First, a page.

Outside a small organic produce shop in Gaza City, a large sidewalk placard reads "Good Earth" in Arabic in big red letters, followed by "Organic produce, free of chemical fertilizers and pesticides." The same message is on the shop's awning.
But "people don't notice the signs, they come in and ask, 'Why these [high] prices?,' " says Rami al-Naffar, the clerk here.
Organic food is booming in the U.S. and Europe, where many consumers perceive the produce as healthful and environmentally friendly. In Israel, interest in organic food has been rising, too, though much of the organic fruits and vegetables grown there are exported.
In the Gaza Strip, once connected to Israel's labor and product markets but now cut off, most families are poor and price often dictates purchases.
In the Good Earth shop, Naffar sometimes shows customers a poster, hanging near the carrots and cucumbers, which outlines the differences between organic and conventional farming.
"I start to explain, but even when they understand they say it's expensive," Naffar says.
Onions, lemon, eggplant and other produce are displayed in wooden bins lining both sides of the narrow shop. Prices here run around 25 percent higher than conventional produce in public markets. Everything Naffar sells comes from one farm in the southern Gaza Strip.
There, agronomist Samir al-Shaer shows off nearly 8 acres dedicated to organic. Local staples tomatoes, cucumbers and potatoes get the most space.
Much of the organic produce is grown in greenhouses on the same land Israeli farmers used before Israel pulled settlers out and soldiers back to the perimeter of the Gaza Strip.
Now Shaer's group, the Palestinian Center for Organic Agriculture, rents the land from the Hamas government and brings Gazan farmers here to train. He says 30 farmers are learning organic methods now, such as putting double doors on greenhouses to keep pests out, shaking tomato plants to pollinate them instead of relying on bees and adding organic compost made in Gaza to the drip irrigation system.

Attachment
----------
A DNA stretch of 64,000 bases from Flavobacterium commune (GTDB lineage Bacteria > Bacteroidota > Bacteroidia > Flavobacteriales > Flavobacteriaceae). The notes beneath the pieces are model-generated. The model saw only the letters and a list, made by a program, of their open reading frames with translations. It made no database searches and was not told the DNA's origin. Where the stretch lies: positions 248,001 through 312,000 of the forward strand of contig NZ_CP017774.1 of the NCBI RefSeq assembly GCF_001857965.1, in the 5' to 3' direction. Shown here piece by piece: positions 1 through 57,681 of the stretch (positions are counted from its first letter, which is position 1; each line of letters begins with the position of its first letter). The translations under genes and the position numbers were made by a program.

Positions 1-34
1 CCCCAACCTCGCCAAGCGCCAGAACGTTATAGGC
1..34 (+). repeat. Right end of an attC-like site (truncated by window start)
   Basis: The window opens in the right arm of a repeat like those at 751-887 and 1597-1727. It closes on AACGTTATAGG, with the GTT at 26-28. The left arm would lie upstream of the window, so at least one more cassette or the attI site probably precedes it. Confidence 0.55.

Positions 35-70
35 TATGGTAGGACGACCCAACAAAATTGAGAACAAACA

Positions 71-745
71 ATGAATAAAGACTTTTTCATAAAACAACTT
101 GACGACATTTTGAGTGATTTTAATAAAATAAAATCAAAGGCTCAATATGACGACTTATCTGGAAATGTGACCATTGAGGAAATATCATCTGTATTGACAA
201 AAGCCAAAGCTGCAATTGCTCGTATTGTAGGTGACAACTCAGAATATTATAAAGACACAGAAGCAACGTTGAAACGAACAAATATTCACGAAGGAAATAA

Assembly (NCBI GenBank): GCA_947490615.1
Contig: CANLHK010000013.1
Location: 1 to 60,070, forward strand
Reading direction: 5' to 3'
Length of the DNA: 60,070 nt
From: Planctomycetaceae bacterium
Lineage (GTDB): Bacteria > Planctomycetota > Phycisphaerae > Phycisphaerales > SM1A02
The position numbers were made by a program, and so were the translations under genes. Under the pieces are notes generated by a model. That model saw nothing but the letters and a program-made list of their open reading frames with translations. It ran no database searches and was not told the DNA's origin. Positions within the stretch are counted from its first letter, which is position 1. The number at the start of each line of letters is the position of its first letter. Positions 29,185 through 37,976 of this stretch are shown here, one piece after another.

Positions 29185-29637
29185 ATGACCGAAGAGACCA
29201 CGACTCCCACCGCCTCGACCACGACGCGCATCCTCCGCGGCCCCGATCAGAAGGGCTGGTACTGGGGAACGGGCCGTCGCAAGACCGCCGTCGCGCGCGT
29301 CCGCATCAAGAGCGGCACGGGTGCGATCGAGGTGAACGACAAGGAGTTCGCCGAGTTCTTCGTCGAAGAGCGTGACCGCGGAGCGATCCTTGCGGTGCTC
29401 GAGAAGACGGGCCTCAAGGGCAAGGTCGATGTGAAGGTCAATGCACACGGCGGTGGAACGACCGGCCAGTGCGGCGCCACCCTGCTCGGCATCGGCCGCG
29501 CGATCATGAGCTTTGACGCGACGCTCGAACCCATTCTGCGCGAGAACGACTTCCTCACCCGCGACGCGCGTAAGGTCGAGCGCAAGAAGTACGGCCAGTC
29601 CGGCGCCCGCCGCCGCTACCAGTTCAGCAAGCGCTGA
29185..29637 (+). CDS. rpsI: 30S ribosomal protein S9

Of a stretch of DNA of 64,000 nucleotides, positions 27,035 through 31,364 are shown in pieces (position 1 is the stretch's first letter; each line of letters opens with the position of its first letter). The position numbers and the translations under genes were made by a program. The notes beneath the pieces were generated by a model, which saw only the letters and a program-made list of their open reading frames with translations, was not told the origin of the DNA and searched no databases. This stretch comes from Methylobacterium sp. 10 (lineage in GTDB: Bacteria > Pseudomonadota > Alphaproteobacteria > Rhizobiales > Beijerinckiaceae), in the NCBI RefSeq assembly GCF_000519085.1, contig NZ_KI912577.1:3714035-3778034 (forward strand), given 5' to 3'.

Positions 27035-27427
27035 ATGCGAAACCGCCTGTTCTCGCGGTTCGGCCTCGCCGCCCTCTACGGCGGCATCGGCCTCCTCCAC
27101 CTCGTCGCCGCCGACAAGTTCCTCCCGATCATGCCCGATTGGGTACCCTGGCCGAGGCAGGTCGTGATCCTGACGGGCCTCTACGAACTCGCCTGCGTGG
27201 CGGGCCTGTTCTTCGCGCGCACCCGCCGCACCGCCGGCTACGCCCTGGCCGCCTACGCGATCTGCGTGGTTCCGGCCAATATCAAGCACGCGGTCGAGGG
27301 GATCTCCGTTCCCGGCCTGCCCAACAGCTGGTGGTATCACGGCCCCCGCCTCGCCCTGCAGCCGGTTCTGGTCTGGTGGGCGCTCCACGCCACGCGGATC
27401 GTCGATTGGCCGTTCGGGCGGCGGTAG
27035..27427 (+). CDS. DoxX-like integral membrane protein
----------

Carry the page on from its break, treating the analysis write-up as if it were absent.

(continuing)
"When they plant organic, they'll tell people about it," says Shaer. "Some farmers are first interested because they can't afford the chemical fertilizers. They didn't realize the other benefits."
Shaer says those benefits include no chemical residue on produce and less reliance on fertilizer that has to come through an Israeli checkpoint.
Although the limited land in Gaza is increasingly needed for housing, this strip by the Mediterranean Sea has always grown food. For years, citrus orchards and strawberry fields dominated the north. Vegetables are grown more in the south.
Farmers are struggling to build their businesses now, in part because exports to wealthier markets, like the U.S, and Europe, are hampered by border restrictions. And sales right next door in Israel and the West Bank are forbidden.
Organic farmers in Gaza say their big challenge right now is the domestic market. Although Naffar, at the produce shop, has a list of 60 dedicated customers, he can't sell as much as the farm can produce. So most of the organic produce winds up in the public market, mixed in with conventional produce and sold for the same price.
"We tell them to let customers know it's organic, so it's safer to eat, but the traders don't care," says Shaer. "It's all cucumber, they say."
Shaer says the farmers have to charge more because their yields are low, and in part because this experiment in organic agriculture was supported by aid organizations until this past year.
"If we concentrate on educating people and improving the shop, it will help," he says.